• APA

"Adirondack Mountains." World Encyclopedia. . Encyclopedia.com. 25 Feb. 2018 <http://www.encyclopedia.com>.

"Adirondack Mountains." World Encyclopedia. . Encyclopedia.com. (February 25, 2018). http://www.encyclopedia.com/environment/encyclopedias-almanacs-transcripts-and-maps/adirondack-mountains-0

"Adirondack Mountains." World Encyclopedia. . Retrieved February 25, 2018 from Encyclopedia.com: http://www.encyclopedia.com/environment/encyclopedias-almanacs-transcripts-and-maps/adirondack-mountains-0

Learn more about citation styles

Citation styles

Encyclopedia.com gives you the ability to cite reference entries and articles according to common styles from the Modern Language Association (MLA), The Chicago Manual of Style, and the American Psychological Association (APA).

Within the “Cite this article” tool, pick a style to see how all available information looks when formatted according to that style. Then, copy and paste the text into your bibliography or works cited list.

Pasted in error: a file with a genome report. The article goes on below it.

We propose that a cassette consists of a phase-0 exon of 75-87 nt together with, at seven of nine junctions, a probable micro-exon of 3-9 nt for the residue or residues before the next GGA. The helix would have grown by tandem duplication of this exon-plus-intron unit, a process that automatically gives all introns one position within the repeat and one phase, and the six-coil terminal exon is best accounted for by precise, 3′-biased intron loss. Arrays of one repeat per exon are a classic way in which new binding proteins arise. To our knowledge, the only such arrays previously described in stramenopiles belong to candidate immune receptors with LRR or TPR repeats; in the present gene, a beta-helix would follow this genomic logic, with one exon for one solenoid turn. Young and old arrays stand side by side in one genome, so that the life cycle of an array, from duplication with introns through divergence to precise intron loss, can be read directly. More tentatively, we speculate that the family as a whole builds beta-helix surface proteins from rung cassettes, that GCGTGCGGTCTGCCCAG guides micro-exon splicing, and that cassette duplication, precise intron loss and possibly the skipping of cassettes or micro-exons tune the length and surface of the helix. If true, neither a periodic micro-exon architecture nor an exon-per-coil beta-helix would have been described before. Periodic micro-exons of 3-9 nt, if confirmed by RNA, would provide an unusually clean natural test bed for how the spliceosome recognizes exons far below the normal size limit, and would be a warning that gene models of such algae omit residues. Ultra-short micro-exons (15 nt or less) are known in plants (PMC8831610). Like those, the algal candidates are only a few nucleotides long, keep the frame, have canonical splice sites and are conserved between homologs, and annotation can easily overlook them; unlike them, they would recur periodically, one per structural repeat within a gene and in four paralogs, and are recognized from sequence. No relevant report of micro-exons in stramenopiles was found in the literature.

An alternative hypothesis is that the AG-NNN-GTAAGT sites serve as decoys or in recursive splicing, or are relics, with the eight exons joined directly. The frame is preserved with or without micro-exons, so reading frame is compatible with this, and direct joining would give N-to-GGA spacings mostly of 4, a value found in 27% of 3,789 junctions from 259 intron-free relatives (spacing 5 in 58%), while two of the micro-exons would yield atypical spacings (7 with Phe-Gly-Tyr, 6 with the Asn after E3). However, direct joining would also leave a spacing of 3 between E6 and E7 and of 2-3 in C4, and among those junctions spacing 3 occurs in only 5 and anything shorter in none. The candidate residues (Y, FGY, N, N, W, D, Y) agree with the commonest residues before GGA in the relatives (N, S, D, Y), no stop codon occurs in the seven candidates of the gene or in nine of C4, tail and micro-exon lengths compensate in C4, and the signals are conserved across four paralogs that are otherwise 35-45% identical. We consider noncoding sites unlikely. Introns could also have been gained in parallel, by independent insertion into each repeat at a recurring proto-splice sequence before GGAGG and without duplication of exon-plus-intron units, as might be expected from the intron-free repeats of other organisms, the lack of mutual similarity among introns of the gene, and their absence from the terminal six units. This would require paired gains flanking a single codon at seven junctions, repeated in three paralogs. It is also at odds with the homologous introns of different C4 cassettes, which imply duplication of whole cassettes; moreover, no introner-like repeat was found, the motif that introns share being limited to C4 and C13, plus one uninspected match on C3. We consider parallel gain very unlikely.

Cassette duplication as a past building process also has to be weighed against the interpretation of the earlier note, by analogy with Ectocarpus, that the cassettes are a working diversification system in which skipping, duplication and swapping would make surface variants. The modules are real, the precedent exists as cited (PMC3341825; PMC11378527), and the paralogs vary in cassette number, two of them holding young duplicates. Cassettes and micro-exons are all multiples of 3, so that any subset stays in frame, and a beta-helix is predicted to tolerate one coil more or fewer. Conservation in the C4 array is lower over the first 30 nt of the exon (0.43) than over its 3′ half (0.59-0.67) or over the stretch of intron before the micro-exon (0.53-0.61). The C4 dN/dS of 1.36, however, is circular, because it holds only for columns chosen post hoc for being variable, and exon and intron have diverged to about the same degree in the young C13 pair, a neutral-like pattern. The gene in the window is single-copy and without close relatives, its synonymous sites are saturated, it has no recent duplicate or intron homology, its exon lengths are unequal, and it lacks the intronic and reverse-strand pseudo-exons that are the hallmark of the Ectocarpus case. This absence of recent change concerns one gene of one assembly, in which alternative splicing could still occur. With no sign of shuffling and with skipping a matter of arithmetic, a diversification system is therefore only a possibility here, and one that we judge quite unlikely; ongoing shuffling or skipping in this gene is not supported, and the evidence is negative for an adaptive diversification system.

Because each style has its own formatting nuances that evolve over time and not all information is available for every reference entry or article, Encyclopedia.com cannot guarantee each citation it generates. Therefore, it’s best to use Encyclopedia.com citations as a starting point before checking the style against your school or publication’s requirements and the most-recent information available at these sites:

Modern Language Association

http://www.mla.org/style

The Chicago Manual of Style

http://www.chicagomanualofstyle.org/tools_citationguide.html

American Psychological Association

http://apastyle.apa.org/

Notes:
  • Most online reference entries and articles do not have page numbers. Therefore, that information is unavailable for most Encyclopedia.com content. However, the date of retrieval is often important. Refer to each style’s convention regarding the best way to format page numbers and retrieval dates.
  • In addition to the MLA, Chicago, and APA styles, your school, university, publication, or institution may have its own requirements for citations. Therefore, be sure to refer to those guidelines when editing your bibliography or works cited list.